By penetrating deep into a metal, unlike typical surface welding, metal components are fused via high velocity electrons that travel throughout the mating area, deep into the parts while protecting surrounding materials from heat exposure. This is particularly beneficial for orthopedic instruments, which often require strong, deep welds.
What Is Electron Beam Welding?
When an application requires a very precise, clean weld but a small heat affected zone (HAZ), electron beam welding can be an ideal alternative to conventional welding. Electron beam welding—which originated from applications in the aerospace industry—penetrates deep into a metal unlike typical surface welding [e.g., gas tungsten arc or tungsten inert gas (TIG) welding, or laser beam welding].
EB welding is a unique process whereby metal components are fused via high-velocity electrons that can travel throughout the mating area, deep into the parts. It is conducted in a vacuum environment to melt the material without the presence of gas molecules. The electron beam is focused using magnetic fields and applied to the targeted materials to be joined. It can be aimed into a blind hole or below the surface of mating components and offer high depth-to-width ratios. Welds can go deep and only affect a narrow sliver of the surface, protecting surrounding materials from heat exposure. This means, for example, that a plastic handle can be assembled or over-molded prior to welding, reducing assembly time and potentially lowering the overall cost of the device.
During EB welding, fixtures are used to secure the medical device components during the process. To achieve optimal production rates, multiple parts can often be welded during a single vacuum cycle. The fixtures are then attached to the welder’s CNC table, where they will be shifted into precise position under the electron beam at the appropriate time.
The vacuum chamber is secured and the air is either partially or completely pumped out, depending on the custom specifications of the particular job. Factors such as beam alignment and focus, power, and weld penetration may be checked and adjusted during a test run. When satisfied that the parameters are correct, the operator then initiates the CNC table programming, the electron beam is fired up, and the welding process occurs. Upon completion of the welding cycle, the vacuum chamber is pumped down and the parts are ready for removal and inspection.
The Benefits of Electron Beam Welding
Electron beam welds are extremely strong and precise and the process is very repeatable, allowing manufacturers to achieve consistently accurate results every time. Because it is performed in a vacuum, there is low risk of contamination. By using a highly targeted electron beam, it provides superior depth of penetration and high depth-to-width ratio.
EB welding is conducive to joining dissimilar materials that would otherwise be unable to be joined with other welding methods due to differences in melting points.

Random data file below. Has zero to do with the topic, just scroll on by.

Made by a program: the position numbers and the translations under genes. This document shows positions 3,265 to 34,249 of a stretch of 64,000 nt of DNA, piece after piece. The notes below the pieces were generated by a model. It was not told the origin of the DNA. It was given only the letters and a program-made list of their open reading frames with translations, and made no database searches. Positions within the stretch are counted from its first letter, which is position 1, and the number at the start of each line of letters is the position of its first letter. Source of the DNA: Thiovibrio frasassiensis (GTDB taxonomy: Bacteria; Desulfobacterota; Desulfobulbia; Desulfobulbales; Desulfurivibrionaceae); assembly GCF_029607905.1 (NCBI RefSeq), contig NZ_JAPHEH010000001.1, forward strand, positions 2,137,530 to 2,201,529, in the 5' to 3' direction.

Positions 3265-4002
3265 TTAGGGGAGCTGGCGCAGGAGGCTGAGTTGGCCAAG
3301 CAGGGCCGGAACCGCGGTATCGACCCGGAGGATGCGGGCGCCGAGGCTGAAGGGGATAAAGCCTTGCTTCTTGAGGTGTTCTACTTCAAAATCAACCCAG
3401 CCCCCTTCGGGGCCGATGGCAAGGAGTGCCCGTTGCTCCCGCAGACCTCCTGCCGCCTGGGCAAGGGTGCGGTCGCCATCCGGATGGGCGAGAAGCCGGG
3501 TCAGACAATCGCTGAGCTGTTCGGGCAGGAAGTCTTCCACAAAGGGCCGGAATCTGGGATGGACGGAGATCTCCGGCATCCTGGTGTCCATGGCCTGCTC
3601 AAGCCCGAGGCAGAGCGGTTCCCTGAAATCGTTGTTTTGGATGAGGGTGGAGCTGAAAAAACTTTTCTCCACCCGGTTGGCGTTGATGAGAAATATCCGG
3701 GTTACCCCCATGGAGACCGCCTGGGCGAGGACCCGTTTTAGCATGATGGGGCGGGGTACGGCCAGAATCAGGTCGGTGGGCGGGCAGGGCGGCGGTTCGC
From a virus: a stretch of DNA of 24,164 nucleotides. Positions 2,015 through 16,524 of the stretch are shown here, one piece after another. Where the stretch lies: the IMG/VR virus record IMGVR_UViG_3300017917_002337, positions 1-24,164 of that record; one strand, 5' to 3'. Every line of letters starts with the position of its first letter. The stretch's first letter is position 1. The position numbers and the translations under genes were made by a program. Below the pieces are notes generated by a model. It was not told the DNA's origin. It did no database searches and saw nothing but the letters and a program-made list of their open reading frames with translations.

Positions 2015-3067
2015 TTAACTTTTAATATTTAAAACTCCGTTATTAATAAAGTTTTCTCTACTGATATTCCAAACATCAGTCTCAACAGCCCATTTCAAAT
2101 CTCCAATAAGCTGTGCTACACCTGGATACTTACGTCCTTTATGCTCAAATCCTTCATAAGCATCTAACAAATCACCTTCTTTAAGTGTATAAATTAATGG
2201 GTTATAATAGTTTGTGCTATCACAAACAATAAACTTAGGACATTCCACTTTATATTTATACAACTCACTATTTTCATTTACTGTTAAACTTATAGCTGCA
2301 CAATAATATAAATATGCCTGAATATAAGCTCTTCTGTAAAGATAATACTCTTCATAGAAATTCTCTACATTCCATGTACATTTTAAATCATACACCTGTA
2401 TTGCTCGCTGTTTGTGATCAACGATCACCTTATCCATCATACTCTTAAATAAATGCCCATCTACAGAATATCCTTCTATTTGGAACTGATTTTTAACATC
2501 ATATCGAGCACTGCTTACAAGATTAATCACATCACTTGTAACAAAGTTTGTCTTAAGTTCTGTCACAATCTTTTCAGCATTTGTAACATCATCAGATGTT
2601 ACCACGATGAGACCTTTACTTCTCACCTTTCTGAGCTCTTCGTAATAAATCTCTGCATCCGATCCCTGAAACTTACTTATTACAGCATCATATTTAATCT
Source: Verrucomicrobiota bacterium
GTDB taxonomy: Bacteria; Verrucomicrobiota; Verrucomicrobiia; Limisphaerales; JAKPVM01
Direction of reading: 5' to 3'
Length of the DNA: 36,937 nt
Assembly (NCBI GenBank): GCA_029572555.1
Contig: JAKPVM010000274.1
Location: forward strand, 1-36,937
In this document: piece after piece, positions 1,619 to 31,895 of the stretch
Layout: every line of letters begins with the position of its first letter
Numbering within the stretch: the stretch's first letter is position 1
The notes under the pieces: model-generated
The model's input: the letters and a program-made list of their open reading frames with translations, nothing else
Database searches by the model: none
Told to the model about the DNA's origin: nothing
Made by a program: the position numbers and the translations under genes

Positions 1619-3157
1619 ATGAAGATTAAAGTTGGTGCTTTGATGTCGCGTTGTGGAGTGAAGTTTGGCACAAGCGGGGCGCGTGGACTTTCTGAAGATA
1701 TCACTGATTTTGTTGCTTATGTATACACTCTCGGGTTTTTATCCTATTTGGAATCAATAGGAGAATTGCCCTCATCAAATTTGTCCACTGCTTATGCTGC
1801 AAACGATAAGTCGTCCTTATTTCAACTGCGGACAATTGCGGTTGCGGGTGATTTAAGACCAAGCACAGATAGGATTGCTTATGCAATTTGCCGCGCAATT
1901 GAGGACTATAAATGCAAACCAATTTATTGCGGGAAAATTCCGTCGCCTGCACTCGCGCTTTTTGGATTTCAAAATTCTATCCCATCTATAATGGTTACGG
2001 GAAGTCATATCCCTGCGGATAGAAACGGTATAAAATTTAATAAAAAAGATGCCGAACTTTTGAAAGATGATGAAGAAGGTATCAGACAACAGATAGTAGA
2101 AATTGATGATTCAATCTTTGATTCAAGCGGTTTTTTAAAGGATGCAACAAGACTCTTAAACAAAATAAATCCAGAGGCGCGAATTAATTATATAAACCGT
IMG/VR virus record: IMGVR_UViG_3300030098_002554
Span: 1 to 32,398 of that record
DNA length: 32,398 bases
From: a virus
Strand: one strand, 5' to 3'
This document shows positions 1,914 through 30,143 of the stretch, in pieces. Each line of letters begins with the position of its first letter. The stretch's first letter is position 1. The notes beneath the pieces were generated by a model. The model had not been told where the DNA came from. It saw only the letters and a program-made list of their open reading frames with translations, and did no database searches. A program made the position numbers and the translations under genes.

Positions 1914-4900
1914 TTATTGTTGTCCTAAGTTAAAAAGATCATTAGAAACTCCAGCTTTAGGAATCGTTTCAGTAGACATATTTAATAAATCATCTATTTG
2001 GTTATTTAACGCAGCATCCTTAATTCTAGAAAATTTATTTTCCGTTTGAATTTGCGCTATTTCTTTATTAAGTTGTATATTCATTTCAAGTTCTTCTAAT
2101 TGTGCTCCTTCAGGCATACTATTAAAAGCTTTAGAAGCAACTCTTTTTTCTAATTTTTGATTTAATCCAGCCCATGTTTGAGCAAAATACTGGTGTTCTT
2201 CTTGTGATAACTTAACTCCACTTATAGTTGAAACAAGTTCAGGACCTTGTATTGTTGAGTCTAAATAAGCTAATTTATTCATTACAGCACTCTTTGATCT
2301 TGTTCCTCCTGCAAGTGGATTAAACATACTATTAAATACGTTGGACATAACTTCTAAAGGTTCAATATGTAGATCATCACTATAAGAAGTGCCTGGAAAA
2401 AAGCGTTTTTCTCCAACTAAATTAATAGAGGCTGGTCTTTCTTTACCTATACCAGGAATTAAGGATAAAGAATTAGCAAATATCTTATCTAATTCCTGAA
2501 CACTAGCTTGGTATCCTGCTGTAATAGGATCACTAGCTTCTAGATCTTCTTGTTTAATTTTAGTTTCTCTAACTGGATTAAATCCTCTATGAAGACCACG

Additionally—and of particular importance for medical device components—the autogenous welding process ensures that the biocompatibility of selected materials is not changed during welding.
Electron Beam Welding for Orthopedic Instruments
Electron beam welding is becoming a sought after manufacturing approach for many types of advanced orthopedic implants that meet surgical challenges thanks to ultra-strong welds and high depth-to-width ratios.
Since electron beams can be aimed with exceptional accuracy, even the smallest medical device components can be successfully welded with extremely high precision and strength. EB welding can allow entire assemblies to be completed in one weld cycle and even supports complex stainless steel assemblies, which won’t oxidize in the body over time.
An example of electron beam welding being used for an orthopedic device is an assembly that had to be made as a two-piece construction (Figures 2 and 3). It would be very difficult to TIG around the Ø0.098 inch rod, so an e-beam burn down lip was added to the mating component (for cosmetic reasons) and then the parameters for the power levels were dialed in to ensure a consistent weld through the assembly welding of each part. The burn down lip area can then be easily finished to create a seamless weld.
With electron beam welding, metal components are fused via high-velocity electrons that travel throughout the mating area, penetrating deep into the metal parts without heating the surrounding areas. Electron beams can be aimed with exceptional accuracy to precisely weld even the smallest medical device components or complex assemblies.
Electron beam welding drastically expands where welds can be created and improves the strength and quality of those welds. Its precise, high-strength nature is well-suited for durable, biocompatible metal instruments that are used in challenging intraoperative environments. This is particularly beneficial for orthopedic devices.